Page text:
On September 27th, 2005, in front of a seldom-full Senate of Canada, a plainly-dressed Haitian-Canadian stepped to the podium, quoting Queen Elizabeth II as her deliberately-spoken, slightly accented words filled living rooms across Canada—no longer as a journalist, but as our country’s highest official and commander-in-chief.
John Ibbotson remarked in the next day’s Globe and Mail that “there [was] this… young Canadian of Haitian birth, with a smile that makes you catch your breath, and a daughter who literally personifies our future… yes… this is the Canada that Canada wants to be.”
Yes, Michaëlle Jean really did personify to me everything there was to love about being this country.
Here was a Haitian refugee, coming to Canada to fulfill the Canadian Dream, who came with nothing yet throughout her life gave back to the community as a journalist drawing attentions to the causes that would come to define her vice-regal career.
Here was a woman of colour, her father having been tortured in a land “draped in barbed wire from head to toe.”
Her story, in her own words “a lesson in learning to be free,” is one that makes me so proud to call Canada home.
Despite being the “little girl who watched her parents… grappling with the horrors of a ruthless dictatorship,” Jean began a new life in Canada as a reporter and broadcaster. She became outspoken on women’s, immigrants’, and First Nations’ issues, and a spokeswoman whose warmth and passion pervaded the nation a mari usque ad mare.
But, as with any figure in public life, life has not all been smooth sailing for the 27th Governor General, who left office yesterday at the end of a traditional five-year mandate.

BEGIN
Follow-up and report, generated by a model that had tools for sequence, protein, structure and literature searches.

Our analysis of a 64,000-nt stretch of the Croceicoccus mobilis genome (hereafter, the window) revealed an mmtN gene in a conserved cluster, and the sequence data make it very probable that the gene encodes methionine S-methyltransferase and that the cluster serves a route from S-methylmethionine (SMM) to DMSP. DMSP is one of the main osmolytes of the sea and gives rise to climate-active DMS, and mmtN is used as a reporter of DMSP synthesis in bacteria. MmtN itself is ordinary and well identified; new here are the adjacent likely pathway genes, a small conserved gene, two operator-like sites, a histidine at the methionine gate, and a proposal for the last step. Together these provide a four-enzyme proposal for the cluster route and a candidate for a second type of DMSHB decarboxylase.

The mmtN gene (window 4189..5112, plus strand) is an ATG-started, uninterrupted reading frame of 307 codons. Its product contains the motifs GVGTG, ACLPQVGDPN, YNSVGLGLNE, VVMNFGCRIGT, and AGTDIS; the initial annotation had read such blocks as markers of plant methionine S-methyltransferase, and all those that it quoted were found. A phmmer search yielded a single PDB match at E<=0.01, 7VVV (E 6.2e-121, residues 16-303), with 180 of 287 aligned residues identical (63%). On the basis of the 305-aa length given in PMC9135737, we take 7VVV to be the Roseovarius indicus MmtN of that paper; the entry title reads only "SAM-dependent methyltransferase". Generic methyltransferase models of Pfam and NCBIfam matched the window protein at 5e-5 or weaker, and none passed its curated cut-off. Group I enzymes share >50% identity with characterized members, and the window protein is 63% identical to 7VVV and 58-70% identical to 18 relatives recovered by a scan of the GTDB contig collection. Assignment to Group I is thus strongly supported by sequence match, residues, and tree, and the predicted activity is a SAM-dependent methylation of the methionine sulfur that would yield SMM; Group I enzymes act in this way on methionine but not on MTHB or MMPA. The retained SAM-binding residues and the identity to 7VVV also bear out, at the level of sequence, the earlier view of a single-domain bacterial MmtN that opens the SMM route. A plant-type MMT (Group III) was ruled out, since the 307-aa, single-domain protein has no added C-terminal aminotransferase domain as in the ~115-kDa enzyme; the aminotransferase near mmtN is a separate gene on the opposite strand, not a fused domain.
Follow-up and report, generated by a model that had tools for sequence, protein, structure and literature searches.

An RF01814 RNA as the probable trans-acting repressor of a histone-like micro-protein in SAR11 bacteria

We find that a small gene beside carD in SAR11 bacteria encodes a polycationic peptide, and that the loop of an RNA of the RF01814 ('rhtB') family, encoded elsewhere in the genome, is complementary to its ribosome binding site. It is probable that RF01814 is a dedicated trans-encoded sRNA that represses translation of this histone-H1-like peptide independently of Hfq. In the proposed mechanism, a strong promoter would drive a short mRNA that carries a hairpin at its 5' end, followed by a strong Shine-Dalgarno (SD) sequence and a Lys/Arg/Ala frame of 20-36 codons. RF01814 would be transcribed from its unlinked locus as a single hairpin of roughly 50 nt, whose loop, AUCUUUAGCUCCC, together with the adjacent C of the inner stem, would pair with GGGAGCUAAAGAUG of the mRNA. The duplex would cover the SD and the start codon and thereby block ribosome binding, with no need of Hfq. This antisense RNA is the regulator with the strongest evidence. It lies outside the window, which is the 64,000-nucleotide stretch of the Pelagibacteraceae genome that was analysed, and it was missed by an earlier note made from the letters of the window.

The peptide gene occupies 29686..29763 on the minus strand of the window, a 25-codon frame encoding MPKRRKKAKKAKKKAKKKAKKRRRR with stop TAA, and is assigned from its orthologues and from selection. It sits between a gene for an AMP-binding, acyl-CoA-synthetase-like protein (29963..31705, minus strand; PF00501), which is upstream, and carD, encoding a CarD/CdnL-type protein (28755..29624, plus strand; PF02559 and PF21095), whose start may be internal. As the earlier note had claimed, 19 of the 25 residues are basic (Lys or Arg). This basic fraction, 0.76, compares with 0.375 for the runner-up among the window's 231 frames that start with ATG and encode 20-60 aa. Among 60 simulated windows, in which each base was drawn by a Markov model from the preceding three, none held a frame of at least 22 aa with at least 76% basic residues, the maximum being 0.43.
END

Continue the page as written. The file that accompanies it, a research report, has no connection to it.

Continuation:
She entered office with a flurry of questions dogging her. Most notably, documentary footage revealed immediately after her appointment showed her raising a glass, toasting that “independence can’t be given, it must be taken.” She even had to dispel allegations that she and her husband were former members of the terrorist FLQ.
But I find it hard to believe that Canadians will remember Jean for the storm that ushered her into office, or even her momentous, precedent-setting decision to allow Prime Minister Harper to prorogue Parliament last year while he was staring down defeat in the House.
I believe she will be remembered for her empathy, emotion, and impassioned defence of the values she holds dear. I believe she will be remembered for personifying everything that it is to be Canadian.
Of her forty-odd international tours as Canada’s highest official, her visit to Haiti after its devastating earthquake will resonate most.
The tears flowed freely, the resolve in her voice was palpable, and she opened her arms—and Canada’s arms—to the plight of millions who had their lives destroyed overnight. And from coast to coast, we fell in love with the charismatic Michaëlle Jean again, five years after she was sworn into office.
The Governor General in Haiti that day in March was the microcosm of every feel-good Canadian story.
So say what you want about our country’s allegiance to the Crown, about how the office of the Governor General spends taxpayer money, or about how Jean has given precedent for the Prime Minister to evade his Parliament—these are fair points worth discussing.
But no one could ever dispute that the story of the young refugee from Haiti who transformed her life in a big-hearted country before giving back to her community will always be an enduring example of Canadian identity.
“Everything is possible in this country and my own adventure represents for me and for others a spark of hope that I want kept alive,” Jean said in the Senate at her investiture.
Truer words could have never been spoken by a truer Canadian.